Undoubtedly, China is unhappy with the current security governance architecture and has the political determination under Xi to restructure it in a post-alliance direction. It aims to do so step-by-step in the coming decades with the help, first and foremost, of countries that are not part of the US-led alliance system — such as Russia. But it can also call on security allies and partners of the US, which are most welcome to join China’s informal “circle of friends,” according to the official expression developed under Xi.

 

Europe Pulled Two Ways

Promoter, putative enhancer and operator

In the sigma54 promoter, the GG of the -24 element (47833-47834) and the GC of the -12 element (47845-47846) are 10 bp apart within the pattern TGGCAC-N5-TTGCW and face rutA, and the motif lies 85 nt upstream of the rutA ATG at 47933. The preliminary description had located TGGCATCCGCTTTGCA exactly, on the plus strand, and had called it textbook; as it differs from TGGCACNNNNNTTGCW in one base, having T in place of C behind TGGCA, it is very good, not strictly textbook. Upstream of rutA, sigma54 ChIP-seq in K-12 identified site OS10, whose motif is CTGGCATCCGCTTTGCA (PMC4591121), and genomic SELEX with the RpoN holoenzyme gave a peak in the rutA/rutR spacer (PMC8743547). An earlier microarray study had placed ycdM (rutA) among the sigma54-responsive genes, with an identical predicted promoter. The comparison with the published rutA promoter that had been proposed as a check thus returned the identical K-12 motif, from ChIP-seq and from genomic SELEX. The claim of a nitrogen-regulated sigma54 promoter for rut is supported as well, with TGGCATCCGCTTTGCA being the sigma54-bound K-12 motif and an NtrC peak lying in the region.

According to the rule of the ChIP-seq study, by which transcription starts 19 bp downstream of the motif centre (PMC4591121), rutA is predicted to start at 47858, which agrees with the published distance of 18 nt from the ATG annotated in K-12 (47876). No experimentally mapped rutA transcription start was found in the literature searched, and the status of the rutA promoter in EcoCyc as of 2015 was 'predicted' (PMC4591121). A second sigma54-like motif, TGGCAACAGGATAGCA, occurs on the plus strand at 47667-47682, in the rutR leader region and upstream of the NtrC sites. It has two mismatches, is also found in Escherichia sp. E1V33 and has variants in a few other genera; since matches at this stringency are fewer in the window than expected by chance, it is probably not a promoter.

A blurred polarization of security ties may develop as a result, and that generates a new set of choices and dilemmas for the European Union and its member states. These choices are conceptual as well as practical. At a conceptual level, China has encouraged many EU member states to include the expression “Community of Common Destiny” (or of a “shared future,” depending on the text) in joint statements and documents proposed by China, such as the Memorandum of Understanding on the Belt and Road Initiative. On the other side, the EU and its member states have been encouraged by several of its security partners to embrace the concept of the Indo-Pacific. Some European countries have embraced it, such as France, others have not.